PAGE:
Conclusions 71sections of the edifice can be pulled down by onedecision after another, until whole sections have to bediscarded and the whole edifice may appear to becomeobsolete or threatened with destruction.Morris L.J. in his recent address to the HoldsworthClub on " Law and Public Opinion " 6 has strikinglyand most aptly described an aspect of the same featurefrom a different angle. " The practising lawyer," heobserves, " and the judge in office must ... at alltimes remember that though the history of the lawfascinates and though the theories and the principlesof legal philosophy are rich in interest, the interestof the litigant is in his own case."All this leads me to the view that we must at alltimes keep in mind the question whether the time isnot fast approaching when the whole structure ofcontract law, with its preconceived ideas and nineteenth-centurydoctrines, has not become so rigid andstatic that it cannot be expected to bear on all frontsthe strains and stresses of modern economic and socialpressures.As I have already indicated, there is a considerablemeasure of stability and fixity about legal machinerywhen it operates to determine human relationships.Indeed this has in the past been one of the greatassets of the common law. It has served, amongother purposes, to create security and calculabilityin the life of the community. As Judge Cardozo hasemphasised, 7 " What has once been settled by a« At p. 3.7 In Paradoxes of Legal Science, pp. 29-30.
72 A Comparison and Conclusionsprecedent will not be unsettled overnight, for certaintyand uniformity are gains not lightly to be sacrificed.Above all is this true when honest men have shapedtheir conduct upon the faith of the pronouncement."But as social and economic changes tend now totake place with much greater rapidity than formerly,the comparatively static machinery of law does notseem to be so apt for the adjustment of the rights ofcitizens. It is not only the ever-changing needs andcircumstances of our society but also the complexsituations which it provides that call here and therefor some modifications of the older machinery. Ihave seen no better observation on this complexitythan one recently made by Professor C. F. Carter, 8of Manchester: " The purposes of economic policy arecontradictory, so that only in rare cases is it possibleto make one thing better without making anotherworse. The main instruments of economic managementturn out to be weak or to have undesirableside-effects."One suggested explanation of the restrictions on thefreedom of contract apparent in the last hundredyears is that collectivism curtails, as surely as individualismextends, the area of contractual freedom. 9This is seen more clearly perhaps in the field oflegislation than in the decisions of the courts. Forexample, much of the law governing the relation oflandlords and tenants is now statutory and the partiesare expressly forbidden to contract out of these8 In an article entitled " Can We Control the Economy? "District Bank Review, Dec, 1958, at p. 17.9 Koscoe Pound, Interpretation of Legal History, p. 264.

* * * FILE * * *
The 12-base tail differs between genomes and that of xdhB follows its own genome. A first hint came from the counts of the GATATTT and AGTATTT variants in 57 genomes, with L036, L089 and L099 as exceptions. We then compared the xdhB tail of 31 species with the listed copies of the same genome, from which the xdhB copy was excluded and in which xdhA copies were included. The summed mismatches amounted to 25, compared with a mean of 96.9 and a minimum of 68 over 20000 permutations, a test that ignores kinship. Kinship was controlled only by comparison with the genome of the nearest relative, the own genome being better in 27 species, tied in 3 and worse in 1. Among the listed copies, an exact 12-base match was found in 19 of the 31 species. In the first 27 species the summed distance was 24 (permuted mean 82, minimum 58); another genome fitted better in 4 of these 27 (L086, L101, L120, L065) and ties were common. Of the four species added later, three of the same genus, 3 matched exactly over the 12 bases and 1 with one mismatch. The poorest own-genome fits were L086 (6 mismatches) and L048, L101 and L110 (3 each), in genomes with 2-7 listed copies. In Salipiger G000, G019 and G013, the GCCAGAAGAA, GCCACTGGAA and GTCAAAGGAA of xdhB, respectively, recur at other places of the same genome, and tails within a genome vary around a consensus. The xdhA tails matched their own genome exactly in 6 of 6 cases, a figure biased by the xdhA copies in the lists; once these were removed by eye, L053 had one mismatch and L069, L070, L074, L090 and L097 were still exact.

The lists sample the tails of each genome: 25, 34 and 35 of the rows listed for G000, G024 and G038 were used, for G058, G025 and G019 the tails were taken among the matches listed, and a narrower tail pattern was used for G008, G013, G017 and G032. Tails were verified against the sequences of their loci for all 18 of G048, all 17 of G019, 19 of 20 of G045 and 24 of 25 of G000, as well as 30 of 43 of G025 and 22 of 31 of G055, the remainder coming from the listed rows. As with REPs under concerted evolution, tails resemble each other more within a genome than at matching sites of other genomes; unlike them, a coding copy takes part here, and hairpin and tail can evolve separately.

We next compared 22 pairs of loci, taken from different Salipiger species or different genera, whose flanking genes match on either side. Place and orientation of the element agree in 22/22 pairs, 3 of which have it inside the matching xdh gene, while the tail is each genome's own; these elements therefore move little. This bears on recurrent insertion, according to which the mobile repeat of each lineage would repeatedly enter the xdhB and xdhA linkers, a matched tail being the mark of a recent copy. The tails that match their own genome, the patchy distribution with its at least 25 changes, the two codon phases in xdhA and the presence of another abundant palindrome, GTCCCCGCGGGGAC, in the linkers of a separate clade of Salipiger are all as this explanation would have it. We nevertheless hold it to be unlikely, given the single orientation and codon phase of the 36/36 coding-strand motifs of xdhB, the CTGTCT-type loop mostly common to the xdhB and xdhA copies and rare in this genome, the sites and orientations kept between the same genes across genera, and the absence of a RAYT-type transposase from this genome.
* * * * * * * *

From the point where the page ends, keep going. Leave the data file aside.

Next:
Conclusions 73statutory regulations. Many other examples couldbe given from the law governing masters and servantsand overseas trade.But the foregoing " explanation" is really noexplanation at all: it is a simple description of ageneral political trend. The root causes lie deeper.One commentator has observed that we are todayconfronted with the paradox that man is at once asocial being, and therefore co-operative, and anindividual personality, and therefore competitive.More and more, it is becoming apparent in the fieldof economics and political science that one of thegreat contentious issues of modern times is whetherthe State should intervene to regulate certain aspectsof our daily lives; and if it should, to what extentsuch intervention should be carried. In other wordsthe line between the provinces of State activityand individual enterprise is indistinct. It would begenerally agreed that it is for the legislature ratherthan the courts to draw that line. Indeed, as ProfessorFriedmann has pointed out, 10 the English judiciaryaccept for practical purposes the doctrine of separationof powers and are consequently reluctant to competewith the legislator in the application of legal policy.In this respect their attitude can be contrasted withthat of the American Supreme Court, which, throughits role as guardian of the Constitution, has decisivelyinfluenced American social policy for almost a century.The English Statute-book in recent years is full ofenactments reflecting prevalent political, economic andi° Legal Theory, 3rd ed., at p. 334.